AMD said its new Radeon RX cards, certified for use in VR by HTC and Oculus VR, deliver performance equivalent to that of $500 graphics cards used for VR.

Patrick Moorhead, an analyst with Moor Insights & Strategy briefed on AMD’s strategy, estimated that the current minimum price on cards comparable to AMD’s new models is $399. He said the $199 pricing comes as a surprise.

“It’s great for getting more people into VR,” said Kelt Reeves, president of Falcon Northwest Computer Systems Inc., a boutique maker of gaming PCs that serves the market.</p>


Except that would require people to upgrade their PC to one capable of doing it. More likely they'll do it via their smartphone, surely.
vr  virtualreality  amd 
june 2016 by charlesarthur
AMD Radeon 400 series 'Polaris' GPUs land major Apple design wins » WCCF Tech
Khalid Moammer:
<p>From what we’ve been hearing Polaris is no exception. In fact our sources have confirmed that the major OEM design win that we had reported on last year is indeed for Apple.

The Sunnyvale, California based chip maker secured wins for both of its upcoming Radeon 400 series 14nm FinFET graphics chips, Polaris 10 and Polaris 11. Previously known as “Ellesmere” and “Baffin”, both of which are Arctic Islands. The chips have since been renamed to Polaris 10 and 11 respectively, in line with AMD’s newly adopted Astronomy based architectural code naming scheme which Koduri had instated after the Radeon Technologies Group was established last year.

The Polaris 10 and 11 chips will go into new desktops and notebooks from Apple, which the company plans to bring to market later this year. And although these Apple design wins may not be significant volume contributors they are very profitable.</p>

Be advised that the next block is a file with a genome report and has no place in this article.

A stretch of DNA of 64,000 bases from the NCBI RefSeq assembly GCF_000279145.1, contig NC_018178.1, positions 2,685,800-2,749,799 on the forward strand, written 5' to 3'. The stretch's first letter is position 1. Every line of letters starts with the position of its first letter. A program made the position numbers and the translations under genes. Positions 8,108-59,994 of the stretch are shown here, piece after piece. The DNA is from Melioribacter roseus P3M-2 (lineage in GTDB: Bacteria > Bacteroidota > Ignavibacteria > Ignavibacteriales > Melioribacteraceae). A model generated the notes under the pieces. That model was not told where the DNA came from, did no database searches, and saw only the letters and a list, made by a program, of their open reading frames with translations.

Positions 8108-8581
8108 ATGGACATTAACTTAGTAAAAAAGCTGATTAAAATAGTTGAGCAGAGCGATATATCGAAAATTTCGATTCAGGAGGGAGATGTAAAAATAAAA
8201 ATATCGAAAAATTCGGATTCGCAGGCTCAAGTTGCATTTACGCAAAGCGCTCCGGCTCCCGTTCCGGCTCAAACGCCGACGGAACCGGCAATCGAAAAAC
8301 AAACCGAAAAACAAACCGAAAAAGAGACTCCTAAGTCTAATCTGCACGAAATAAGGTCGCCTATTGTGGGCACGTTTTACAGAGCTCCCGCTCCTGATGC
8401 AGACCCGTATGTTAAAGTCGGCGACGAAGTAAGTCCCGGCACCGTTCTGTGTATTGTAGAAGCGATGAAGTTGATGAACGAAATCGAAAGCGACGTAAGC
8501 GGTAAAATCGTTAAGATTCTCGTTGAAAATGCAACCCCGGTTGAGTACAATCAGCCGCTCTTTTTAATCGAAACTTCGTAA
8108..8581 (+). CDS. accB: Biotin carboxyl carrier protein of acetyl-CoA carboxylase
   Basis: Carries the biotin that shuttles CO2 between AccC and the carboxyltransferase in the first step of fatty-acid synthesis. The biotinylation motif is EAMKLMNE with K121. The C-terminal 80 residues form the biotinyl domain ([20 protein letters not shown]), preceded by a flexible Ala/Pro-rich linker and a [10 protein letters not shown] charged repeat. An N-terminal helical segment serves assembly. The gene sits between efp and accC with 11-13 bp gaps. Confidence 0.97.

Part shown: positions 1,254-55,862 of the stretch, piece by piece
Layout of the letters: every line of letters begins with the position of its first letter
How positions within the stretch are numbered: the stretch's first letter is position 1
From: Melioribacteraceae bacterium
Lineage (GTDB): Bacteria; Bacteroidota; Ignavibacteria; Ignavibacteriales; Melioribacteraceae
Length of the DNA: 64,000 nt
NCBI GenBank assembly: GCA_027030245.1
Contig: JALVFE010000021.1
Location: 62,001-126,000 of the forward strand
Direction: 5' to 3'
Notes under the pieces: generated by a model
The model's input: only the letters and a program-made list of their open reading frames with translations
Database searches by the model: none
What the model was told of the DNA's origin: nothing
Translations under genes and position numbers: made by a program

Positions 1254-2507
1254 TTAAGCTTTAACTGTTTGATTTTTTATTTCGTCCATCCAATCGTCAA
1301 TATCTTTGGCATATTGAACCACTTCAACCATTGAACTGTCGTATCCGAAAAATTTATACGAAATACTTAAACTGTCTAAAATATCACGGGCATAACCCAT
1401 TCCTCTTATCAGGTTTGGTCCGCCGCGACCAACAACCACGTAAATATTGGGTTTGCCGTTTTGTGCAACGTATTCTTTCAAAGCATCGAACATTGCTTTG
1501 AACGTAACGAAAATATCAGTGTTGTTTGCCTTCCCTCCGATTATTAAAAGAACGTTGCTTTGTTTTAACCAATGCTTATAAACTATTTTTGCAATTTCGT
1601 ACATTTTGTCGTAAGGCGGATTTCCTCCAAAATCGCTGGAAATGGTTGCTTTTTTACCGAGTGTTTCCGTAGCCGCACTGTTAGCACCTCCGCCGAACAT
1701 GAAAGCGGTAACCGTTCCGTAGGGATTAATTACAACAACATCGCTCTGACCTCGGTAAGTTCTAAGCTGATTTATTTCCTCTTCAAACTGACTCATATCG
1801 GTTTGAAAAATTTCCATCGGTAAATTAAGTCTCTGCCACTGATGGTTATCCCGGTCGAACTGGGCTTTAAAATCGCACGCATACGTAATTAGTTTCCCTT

That's going to make for an interesting WWDC in June, then. These Radeon GPUs would be capable of VR work, apparently.
apple  gpu  amd  radeon  polaris 
april 2016 by charlesarthur
Rumor: AMD making custom x86 SOC for Apple's 2017 and 2018 iMac designs » WCCFTech
Khalid Moammer:
<p>At the 2017-2018 timeframe AMD will have two high performance CPU cores, an ARM based design code named K12 and a second generation Zen “Zen+” x86 design. However the report explains that as the x86 ISA is a necessity in the high-end desktop and prosumer level Apple products a Zen based design is most likely.

In addition to driving cost significantly down for Apple, another high-profile design win for AMD would serve as viability booster for the company’s semi-custom business following its success in the consoles. Both companies have entered a long-standing partnership, with AMD providing the graphics chips for the current iMac and Mac Pro designs.

A semi-custom SOC x86 for the iMac would have to include a high performance x86 component, namely Zen, in addition to a graphics engine to drive the visual experience of the device. Such a design would be very similar to the current semi-custom Playstation 4 and XBOX ONE Accelerated Processing Units, combining x86 CPU cores with a highly capable integrated graphics solution.</p>


Filed under "far enough away that it could even happen". Chip fab lead times are very long, though, which could make this a reasonable timeframe.
apple  intel  amd 
october 2015 by charlesarthur